Last time, I let slip that Jacob was off to Haran. And that is exactly what happened. Jacob drops by and falls instantly in love with Rachel, the daughter of his mother’s brother, and offers to work for his uncle for 7 years so that he can marry his first cousin. Apparently that sort of thing was less frowned on back then. On the day of his wedding, his uncle gives Jacob Leah (the elder cousin) as his bride because, as “…Laban said, It must not be so done in our country, to give the younger before the firstborn.” (Genesis 29, v. 26). So Jacob offers to work for an extra week so that he can have Rachel as well. Oh, and he signs up for another 7 years. So 14 years and 1 week gets you two brides.
As she was his first choice, Jacob loves Rachel more than Leah. The Bible says that Leah was despised. So Rachel is made barren by God and Leah bears 4 sons, because God wants that – neither woman is at fault, it’s all Jacob’s and his Uncle’s doing, but one woman gets punished. All perfectly fair.
Genesis 30, verses 1 -13 are quite simply a child bearing competition. In the red ring, we see Rachel: totally barren but happy to give her handmaid to her husband so the handmaid can bear children that Rachel can claim as her own. In the blue ring, we see Leah: already given birth 4 times and now newly barren, also willing to offer up her handmaid so that children can happen. I declare Leah the winner: both handmaids bear 2 sons each, but Leah started off with 4, so 6 sons in total against Rachel’s 2.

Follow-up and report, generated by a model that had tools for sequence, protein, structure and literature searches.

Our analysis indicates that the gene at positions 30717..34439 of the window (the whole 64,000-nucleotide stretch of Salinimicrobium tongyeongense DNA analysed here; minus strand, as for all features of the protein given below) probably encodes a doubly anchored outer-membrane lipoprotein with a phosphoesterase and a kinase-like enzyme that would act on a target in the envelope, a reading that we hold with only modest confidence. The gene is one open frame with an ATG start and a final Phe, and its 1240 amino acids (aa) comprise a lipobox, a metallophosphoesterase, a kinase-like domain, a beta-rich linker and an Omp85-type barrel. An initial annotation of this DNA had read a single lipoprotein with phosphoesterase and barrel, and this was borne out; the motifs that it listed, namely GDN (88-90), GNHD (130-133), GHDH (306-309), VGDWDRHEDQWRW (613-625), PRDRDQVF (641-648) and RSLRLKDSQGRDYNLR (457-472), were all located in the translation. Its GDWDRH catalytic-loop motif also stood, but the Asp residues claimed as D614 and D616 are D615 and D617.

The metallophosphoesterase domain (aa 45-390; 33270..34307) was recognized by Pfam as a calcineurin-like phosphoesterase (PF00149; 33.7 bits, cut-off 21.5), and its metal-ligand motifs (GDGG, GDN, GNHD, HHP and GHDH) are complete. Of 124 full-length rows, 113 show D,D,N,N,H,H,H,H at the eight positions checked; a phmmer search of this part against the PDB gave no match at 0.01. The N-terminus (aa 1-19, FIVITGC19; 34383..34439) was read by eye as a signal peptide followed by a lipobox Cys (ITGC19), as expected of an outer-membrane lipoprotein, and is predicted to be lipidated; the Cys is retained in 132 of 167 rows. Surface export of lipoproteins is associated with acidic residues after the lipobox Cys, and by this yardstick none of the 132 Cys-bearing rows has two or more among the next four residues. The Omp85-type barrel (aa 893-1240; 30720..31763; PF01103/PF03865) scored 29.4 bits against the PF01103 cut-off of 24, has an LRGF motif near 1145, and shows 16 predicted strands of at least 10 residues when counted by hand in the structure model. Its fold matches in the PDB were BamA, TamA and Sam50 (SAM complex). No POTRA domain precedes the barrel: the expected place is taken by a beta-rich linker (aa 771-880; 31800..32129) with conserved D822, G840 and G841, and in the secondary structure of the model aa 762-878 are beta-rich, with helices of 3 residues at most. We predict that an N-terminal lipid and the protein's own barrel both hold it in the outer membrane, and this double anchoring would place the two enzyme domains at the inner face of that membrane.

Leah then has 2 more sons and a daughter, she must have been exhausted. At this point, Leah thinks she has won overall. But no, God repents (is God supposed to do that?) and Rachel bears Joseph, the first of several Josephs in the Bible, and Jacob asks if he can leave the country and set out on his own. Probably scared that there’s something in the water that causes mass fertility. As a parting gift, Jacob screws over his uncle, he offers some scheme to separate out one batch of sheep and goats from another and contrives to leave weaker ones with his uncle and take the stronger ones. Fairly convoluted and absolutely sets him amongst the evil geniuses of the Bible. The moral being that when you leave your place of employment you should steal the stationery and a fax machine and a couple of computers.
Chapter 31 is an argument between Laban and Jacob which Jacob wins (even though I think he was, in the tradition of the OT, a dick). Chapter 32 is yet another of those important Bible bits which is smaller than it should be. 23 verses deal with Jacob planning to deal with his brother Esau who, as you may remember, now runs things. Verse 24 to 32 is Jacob fighting with an angel or God and getting a new name – Israel.
And in Chapter 33 we discover that all the planning was for nothing as Esau has stopped being a dick and was just very very happy to see his brother again.
3 chapters dealing with family matters. The Bible teaches that we must all try as hard as we might to screw over our family because He is with us. And to steal fax machines.